Whether we engage in the private ministry of God’s Word as pastors, missionaries, counselors or just a concerned brother- or sister-in-Christ, it is important to answer the question, “What is thorough, biblical help?” Surely, the answer to this question must begin with a faithfulness and an accuracy as we study and apply the Scriptures for God’s glory. We must continually adjust the picture of our counsel to that of God’s.

The gospel of Jesus Christ

The gospel of Jesus Christ is at the heart of counseling. It is foundational. It is motivational. It must pervade every aspect of the counsel we give.

Though Christ and the gospel is the heart of what we do, if we take a step back in our view of God’s counsel, we can see at least three clear emphases: gospel truth applied (Titus 2:11-14); undivided heart worship (Matt 22:37-40); and active elements of change (Rom 12-16; Eph 4-6; Col 3-4).

No matter what issue brings people to counseling, if we as counselors do not affirm the importance of all three of these emphases, devote significant session time to them and assist those we help in ways to proliferate them, then our help will be biblically incomplete and less effective

The gospel in focus

The gospel is not just a collection of doctrinal truths or personal benefits. It is not a magical buzzword that one can drop incessantly into conversation and counseling. The gospel is all about the pre-imminent person of Jesus Christ, who makes a difference in our daily lives. When we take a good look at the gospel truths, we see, foremost, the God-man, Christ, and all that he is. We see the provision of forgiveness and salvation in him through faith. Then we see, all that he has gained for us and made us (our position or the indicatives), but also all that he deserves and to which he has called us (our practice or the imperatives).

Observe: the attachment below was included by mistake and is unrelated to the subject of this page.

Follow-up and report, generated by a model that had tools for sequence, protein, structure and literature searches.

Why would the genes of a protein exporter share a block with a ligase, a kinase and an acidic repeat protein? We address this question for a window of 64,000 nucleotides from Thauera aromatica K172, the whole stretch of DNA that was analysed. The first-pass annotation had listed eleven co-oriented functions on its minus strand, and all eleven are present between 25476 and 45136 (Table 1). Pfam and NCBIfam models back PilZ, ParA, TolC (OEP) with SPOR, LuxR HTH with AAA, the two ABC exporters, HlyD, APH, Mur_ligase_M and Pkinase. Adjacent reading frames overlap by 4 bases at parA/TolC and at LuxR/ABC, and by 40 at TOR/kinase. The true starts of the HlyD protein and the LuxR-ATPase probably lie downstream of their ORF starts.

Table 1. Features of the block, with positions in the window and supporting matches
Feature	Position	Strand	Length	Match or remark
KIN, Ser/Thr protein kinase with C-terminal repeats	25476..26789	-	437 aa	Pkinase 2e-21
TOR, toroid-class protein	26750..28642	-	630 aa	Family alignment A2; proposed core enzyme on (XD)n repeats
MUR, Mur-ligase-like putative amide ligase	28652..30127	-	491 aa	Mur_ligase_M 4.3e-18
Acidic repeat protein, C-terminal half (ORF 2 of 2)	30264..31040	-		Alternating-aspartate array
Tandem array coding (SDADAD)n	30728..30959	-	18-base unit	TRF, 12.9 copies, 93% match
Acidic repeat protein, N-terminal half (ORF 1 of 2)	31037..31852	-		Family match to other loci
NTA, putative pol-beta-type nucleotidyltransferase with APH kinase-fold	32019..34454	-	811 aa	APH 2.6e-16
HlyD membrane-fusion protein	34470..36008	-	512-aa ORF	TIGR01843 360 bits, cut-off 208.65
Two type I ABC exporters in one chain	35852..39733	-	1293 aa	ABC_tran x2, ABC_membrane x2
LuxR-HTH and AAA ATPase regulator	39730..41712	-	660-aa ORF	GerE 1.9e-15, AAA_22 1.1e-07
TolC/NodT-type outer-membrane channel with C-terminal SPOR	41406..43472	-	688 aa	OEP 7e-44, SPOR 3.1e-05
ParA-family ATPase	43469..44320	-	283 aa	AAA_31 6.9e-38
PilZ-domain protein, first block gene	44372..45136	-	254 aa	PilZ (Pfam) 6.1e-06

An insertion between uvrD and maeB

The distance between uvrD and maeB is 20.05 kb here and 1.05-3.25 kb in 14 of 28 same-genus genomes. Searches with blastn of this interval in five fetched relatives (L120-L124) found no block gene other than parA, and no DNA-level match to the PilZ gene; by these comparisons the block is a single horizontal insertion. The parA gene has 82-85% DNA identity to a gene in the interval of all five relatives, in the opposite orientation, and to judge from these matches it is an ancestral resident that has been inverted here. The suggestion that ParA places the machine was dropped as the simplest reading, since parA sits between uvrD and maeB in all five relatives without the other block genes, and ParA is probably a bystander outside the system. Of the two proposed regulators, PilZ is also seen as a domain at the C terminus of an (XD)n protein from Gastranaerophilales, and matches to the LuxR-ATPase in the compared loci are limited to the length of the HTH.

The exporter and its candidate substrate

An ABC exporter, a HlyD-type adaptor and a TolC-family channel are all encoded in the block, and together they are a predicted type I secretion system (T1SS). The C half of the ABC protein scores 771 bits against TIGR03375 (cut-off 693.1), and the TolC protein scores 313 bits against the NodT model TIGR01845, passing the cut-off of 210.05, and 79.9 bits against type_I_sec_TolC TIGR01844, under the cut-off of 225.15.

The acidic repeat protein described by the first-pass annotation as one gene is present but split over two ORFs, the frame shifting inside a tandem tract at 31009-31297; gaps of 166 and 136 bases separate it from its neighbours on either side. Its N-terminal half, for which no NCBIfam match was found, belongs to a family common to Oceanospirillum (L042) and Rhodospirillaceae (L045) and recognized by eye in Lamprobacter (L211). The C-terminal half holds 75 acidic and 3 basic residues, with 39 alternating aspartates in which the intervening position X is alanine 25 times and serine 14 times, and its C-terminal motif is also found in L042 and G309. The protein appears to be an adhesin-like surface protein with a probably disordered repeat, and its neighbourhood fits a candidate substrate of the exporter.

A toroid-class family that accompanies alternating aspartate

There must be emphasis and balance in all aspects of our presentation of the gospel when it comes to applying it to people’s lives. Too little respective emphasis on Christ, our position or our practice gives one a skewed view of the gospel itself and the Christian life also. This skewed view will perpetuate some kind of focus on self, and in this self-focused perspective, we will not perpetuate the full intent of the gospel – that we live to the glory of God, glorying in him.

Don’t rock the boat

If in our counsel, we center mostly on our obligations (our practice) without our gaze upon the person of Christ and an appropriation of our position in him, the focus will be on us with either self-righteousness or self-loathing. It follows then that while attention to our practice or our sanctification may be present, it is also problematic as we miss the pleasures and the power and the imputed righteousness of Christ. This lack of emphasis on our position in Christ creates an overemphasis on our work (John 15:5). In this case, true heart worship falls short and or becomes non-existent. And finally, the worship of idolatrous lusts and the turning to false refuges is inevitable (Jer 2:13; Gal 5:16; 1 John 2:15-17).

A lack of emphasis on our position in Christ will not lead to the type of life that glorifies God and that Christ died to procure for those we seek to help. We certainly do not want to encourage anyone toward this Pharisaical and hopeless pursuit. This kind of imbalance fosters pride, a performance-driven life, legalism and moralism. With this imbalance, it is easy to carry on counseling without true salvation having taken place. We must continually spotlight all that Christ is and all that our position in him means (the gospel in a broad sense).